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The views are opening up as I climb higher to the ridgeline.

You will reach a high point on the trail about a half mile before camp that offers the best views of the day.  Mountains on one side,  the Sound down below on the other.  As the sun was casting its evening kiss on the mountains in the distance, the yellows and reds were reflected on the looming clouds over the mountaintops. It was truly breathtaking.

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Sunset on the Mountains.
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Sunset on the Sound. 

Though the wind was gusting on the exposed ridgeline, for a moment, it was perfect to stop and take in the space around me and be thankful.  Not many people venture into the wilderness in the heart of winter and get to experience complete serenity in a landscape painted perfectly by Mother Nature and shared only with a furry rodent or busy snowshoe hare.  I didn’t linger for too long.  As the sun dropped behind furthest rugged summit, the sky got dark and threatening in the distance. It was a good thing camp was not too far away from here.

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After about 5.2 miles and a brief but short-lived decent, you will pass an official sign (if it’s not buried) for Olympic National Park.  A quick walk down the trail will find Deer Park Campground.  Swing left at the privy and bear boxes, and head downhill to some campsites.  What a treat to find there were a couple of three sided shelters here; cover from the brewing storm.

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No Vacancy. 

Unfortunately, these were occupied; by some very territorial creatures of the rodent variety who were unhappy about our arrival. We convinced them to let us stay just to have a place to prepare dinner away from the wind, hang up some gear and play a round of yahtzee before bed. Then they kicked us out to our tents for the night.  I think this was the best solution for both rodent and human 🙂

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A bit of tree cover from the blustering winds blowing off the ridge. 

It was difficult to tell how much snow was really on ground until I stumbled upon a snow covered picnic table by our shelter. I figured about 3-5 feet of snow in some places had drifted in. This was surprising since the first leg of the hike was virtually snow free. That is just another example of the magic in the mountains.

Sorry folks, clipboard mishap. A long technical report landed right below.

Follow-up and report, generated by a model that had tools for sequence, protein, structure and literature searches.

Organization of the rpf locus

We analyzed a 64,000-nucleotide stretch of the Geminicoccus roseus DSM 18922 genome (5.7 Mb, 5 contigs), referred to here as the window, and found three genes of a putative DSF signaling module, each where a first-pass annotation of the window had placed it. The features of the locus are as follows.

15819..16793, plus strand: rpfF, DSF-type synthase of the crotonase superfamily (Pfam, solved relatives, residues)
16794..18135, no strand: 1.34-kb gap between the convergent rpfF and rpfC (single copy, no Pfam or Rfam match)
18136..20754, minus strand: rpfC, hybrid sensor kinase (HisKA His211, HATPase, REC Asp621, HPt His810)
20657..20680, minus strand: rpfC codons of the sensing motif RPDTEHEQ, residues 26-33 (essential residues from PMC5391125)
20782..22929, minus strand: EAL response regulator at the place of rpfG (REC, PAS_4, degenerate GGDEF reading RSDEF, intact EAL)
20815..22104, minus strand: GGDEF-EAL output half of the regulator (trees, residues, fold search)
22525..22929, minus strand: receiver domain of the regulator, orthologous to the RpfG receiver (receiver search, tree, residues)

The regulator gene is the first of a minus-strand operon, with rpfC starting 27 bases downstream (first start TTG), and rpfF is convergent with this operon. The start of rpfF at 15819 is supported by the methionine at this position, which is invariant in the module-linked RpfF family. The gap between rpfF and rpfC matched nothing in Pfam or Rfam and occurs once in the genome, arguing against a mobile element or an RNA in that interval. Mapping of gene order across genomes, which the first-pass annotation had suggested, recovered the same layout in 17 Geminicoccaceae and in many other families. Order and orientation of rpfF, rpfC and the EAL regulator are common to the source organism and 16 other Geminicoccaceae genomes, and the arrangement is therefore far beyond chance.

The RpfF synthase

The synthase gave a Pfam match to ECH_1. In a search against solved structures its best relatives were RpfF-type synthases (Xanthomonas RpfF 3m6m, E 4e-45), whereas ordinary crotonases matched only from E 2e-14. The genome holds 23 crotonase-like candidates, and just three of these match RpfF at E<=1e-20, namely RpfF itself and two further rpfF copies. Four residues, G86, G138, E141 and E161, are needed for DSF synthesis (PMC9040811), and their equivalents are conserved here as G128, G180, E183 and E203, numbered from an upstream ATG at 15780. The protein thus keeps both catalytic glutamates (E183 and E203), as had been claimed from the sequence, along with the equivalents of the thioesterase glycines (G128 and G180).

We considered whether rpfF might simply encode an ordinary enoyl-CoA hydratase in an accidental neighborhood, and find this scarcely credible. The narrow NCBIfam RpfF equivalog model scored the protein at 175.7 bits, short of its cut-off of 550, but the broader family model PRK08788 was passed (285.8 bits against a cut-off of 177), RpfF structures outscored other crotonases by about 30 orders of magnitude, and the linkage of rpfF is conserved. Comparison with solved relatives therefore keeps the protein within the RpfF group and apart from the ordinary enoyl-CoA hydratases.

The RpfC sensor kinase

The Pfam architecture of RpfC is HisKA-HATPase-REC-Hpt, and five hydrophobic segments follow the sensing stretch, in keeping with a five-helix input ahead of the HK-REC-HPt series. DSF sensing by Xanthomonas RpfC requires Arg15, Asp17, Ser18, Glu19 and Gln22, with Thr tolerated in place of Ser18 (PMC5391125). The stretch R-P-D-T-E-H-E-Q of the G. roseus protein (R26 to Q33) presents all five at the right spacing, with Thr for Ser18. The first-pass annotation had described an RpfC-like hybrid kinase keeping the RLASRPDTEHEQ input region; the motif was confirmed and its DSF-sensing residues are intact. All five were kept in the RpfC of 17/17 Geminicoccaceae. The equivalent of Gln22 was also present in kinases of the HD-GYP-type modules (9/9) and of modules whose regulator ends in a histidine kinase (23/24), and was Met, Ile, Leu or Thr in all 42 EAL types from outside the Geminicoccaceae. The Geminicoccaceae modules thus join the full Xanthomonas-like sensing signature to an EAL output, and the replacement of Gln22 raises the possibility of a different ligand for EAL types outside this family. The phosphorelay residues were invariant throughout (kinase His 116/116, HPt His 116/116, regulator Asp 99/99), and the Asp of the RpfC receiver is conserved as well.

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Snow drifts and cornices on the ridge line along the trail.

There are a couple of trails that leave from Deer Park worth discovering and had our group not awoken to howling winds, dark skies and threatening weather, they would have been explored.  Maiden Peak was a shorter option that was suggested. The ridge lines beyond that area had greater avalanche risk in the steeper sections. While our desire that morning was to stay and play, the conditions were suggesting the best option was to get outta the mountains to a hot drink and a warm bed for the night.

 It doesn’t matter if you have made thousands of good calls – all it takes is one bad call and that is one too many. Some days the mountains are screaming GET OUT OF HERE and some days they are saying COME ON IN, it’s time to party! – Jeremy Jones

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Tracks from the day before were totally blown in by wind and snow overnight. The trail was well worn for most of the hike but not always obvious. Have a good map before you head out.

A few more inches of snow had fallen overnight, and the tracks from the day before were barely visible in the wind swept sections.  The pleasant sunny views from yesterday were replaced with dark and ominous mountainscapes that afternoon.   I was grateful that yesterdays hard work climbing up the mountain, would be rewarded with a lovely downhill trek all day back to the trailhead. Downhills are my favorite.

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Dark clouds threatening snow and wind ahead.

I would absolutely recommend this trail for winter snowshoeing (use snowshoes, I wouldn’t recommend skis for climbing up this trail, unless you are a sucker for punishment). This would be an awesome area to explore in summer as well.  The campground has a rough road that leads up to it during the short summer season.  To avoid missing the incredible views on the way up, I would definitely hike in.

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The world is big and I want to have a good look at it before it gets dark. – John Muir

Perhaps on the next trip, Mother Nature will have a brilliant plan for the Cascades in store for me, but for now.. I will head home and dream up my next hike. Though I didn’t get to build a sweet snow shelter or explore more ridges and trails, I was thankful that the days I did get to spend on Deer Ridge provided great weather and even better views. It was an awesome adventure!  What a treat for my first taste of the mountains in the Pacific Northwest.  Although some of the best laid plans can get derailed, sometimes this is how you end up on another path to some truly amazing and unplanned adventures instead.